The name of the Wolf Spider originates from the initial belief that these spiders hunted in a pack together. They also go by ground spiders or hunting spiders, as they do not use a web; they literally hunt down their prey. These arachnids move quickly and can reach two feet per second, which reduces the likelihood that you’ll even get near one. If you do have a close encounter; wolf spiders are not known for being aggressive, but they can and will bite when feeling threatened. If bitten, apply ice to reduce swelling, avoid movement if possible, and immediately seek medical attention. Spider bites can get worse over time, and the sooner a doctor sees you the better the outcome.
Something you don’t want to do is attempt killing the spiders by smacking or hitting them, as mother wolf spiders (similar to most species) carry their young on their bac. If you do try this, the baby spiders will scatter and you’re left with quite a bunch of them throughout your home.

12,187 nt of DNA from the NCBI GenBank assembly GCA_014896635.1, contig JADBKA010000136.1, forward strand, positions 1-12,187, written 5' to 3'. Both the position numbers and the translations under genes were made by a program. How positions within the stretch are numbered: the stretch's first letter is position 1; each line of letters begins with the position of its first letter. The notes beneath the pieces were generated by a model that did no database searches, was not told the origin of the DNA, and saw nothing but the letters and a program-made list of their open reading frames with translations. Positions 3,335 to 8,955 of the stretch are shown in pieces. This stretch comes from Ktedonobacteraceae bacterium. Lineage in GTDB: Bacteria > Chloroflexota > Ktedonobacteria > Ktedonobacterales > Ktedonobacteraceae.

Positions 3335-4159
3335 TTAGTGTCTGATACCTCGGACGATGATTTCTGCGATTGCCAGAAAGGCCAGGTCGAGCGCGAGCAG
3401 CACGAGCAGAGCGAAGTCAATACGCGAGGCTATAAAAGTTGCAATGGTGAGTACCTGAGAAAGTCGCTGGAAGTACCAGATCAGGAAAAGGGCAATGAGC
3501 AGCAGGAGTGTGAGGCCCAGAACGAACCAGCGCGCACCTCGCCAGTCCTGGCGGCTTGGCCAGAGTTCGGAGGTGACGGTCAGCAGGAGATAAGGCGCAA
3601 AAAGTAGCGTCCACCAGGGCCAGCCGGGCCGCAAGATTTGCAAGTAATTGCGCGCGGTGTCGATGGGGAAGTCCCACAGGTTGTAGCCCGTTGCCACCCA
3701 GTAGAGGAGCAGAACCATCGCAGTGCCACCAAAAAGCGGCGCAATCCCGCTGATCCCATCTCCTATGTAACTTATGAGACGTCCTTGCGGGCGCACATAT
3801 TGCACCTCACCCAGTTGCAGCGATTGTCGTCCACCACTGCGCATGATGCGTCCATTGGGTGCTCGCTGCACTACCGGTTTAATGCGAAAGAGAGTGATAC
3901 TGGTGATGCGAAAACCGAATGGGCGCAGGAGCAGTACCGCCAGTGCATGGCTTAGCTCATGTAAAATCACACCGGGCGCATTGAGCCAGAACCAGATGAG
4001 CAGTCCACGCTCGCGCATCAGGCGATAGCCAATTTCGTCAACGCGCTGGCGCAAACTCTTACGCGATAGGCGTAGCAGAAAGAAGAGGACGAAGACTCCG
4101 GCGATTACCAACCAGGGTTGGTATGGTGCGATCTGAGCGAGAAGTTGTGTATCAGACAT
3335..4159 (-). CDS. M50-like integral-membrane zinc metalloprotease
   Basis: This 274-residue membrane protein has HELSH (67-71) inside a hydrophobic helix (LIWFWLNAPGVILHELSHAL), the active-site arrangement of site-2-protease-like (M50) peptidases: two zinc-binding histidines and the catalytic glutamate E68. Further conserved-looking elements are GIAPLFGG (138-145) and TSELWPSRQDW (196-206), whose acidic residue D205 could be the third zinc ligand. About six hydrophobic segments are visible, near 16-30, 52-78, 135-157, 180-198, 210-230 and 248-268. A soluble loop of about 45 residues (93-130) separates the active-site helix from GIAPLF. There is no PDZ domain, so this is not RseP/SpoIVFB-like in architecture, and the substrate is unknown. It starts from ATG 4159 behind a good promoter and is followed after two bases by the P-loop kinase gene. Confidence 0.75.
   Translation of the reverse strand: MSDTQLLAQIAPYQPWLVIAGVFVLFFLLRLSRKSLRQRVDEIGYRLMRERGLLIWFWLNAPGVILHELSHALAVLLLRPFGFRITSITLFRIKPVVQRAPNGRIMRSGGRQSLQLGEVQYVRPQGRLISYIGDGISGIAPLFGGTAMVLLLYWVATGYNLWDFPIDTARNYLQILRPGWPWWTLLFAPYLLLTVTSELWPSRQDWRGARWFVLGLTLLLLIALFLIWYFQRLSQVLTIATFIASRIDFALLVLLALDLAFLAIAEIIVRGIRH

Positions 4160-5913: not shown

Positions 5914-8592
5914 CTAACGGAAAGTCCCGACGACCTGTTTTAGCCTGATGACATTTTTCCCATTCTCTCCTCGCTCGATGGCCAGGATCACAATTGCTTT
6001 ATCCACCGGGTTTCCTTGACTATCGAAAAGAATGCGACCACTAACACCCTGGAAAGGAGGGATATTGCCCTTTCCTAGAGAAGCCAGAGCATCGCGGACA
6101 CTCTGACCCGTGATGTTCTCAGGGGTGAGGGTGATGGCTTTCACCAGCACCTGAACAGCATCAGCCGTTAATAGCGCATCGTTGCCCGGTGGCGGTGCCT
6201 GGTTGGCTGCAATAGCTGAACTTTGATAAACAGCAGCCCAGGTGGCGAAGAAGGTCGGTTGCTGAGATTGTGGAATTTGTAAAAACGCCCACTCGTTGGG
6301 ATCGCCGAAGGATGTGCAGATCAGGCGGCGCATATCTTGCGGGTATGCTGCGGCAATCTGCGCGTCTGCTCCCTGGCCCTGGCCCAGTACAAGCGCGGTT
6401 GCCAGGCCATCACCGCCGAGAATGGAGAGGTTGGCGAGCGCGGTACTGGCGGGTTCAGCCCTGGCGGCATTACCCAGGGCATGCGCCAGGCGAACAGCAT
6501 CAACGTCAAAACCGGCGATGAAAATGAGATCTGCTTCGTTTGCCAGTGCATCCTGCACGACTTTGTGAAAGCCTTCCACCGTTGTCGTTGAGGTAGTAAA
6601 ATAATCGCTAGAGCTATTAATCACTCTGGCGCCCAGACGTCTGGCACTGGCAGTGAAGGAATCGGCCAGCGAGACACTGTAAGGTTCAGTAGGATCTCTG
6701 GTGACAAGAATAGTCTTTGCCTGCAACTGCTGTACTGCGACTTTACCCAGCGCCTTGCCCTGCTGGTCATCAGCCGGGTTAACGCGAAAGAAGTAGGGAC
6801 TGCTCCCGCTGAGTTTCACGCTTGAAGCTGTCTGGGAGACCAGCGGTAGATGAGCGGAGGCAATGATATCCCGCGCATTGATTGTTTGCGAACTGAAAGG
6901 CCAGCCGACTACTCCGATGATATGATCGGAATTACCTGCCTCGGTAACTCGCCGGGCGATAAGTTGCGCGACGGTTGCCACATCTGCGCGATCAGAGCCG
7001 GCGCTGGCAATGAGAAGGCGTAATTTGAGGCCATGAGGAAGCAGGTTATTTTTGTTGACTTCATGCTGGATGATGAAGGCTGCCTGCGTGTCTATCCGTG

Where do wolf spiders live and will they enter my home?
They make homes under rocks or they will dig holes in the ground and cover their hiding places with grass and leaves. During the autumn season, as is usual for most insects, wolf spiders may venture into your home in hopes of a warmer winter and survival.
What do wolf spiders look like?
Frequently mistaken for tarantulas, wolf spiders have brown/dark coloration and are quite hairy. Having eight eyes in total (four smaller eyes in the bottom row, two larger eyes in the middle, and two of medium size on the top row), these spiders can see very well which comes in handy traveling at such high speeds! Their front legs are reasonably large, and wolf spiders have fairly strong chelicerae (pincher or claw like appendages) to crush and tear apart their prey.
Don’t risk the safety of your family and your pets, call us today if you suspect poisonous spiders in your home and we will be there as soon as possible to remove them.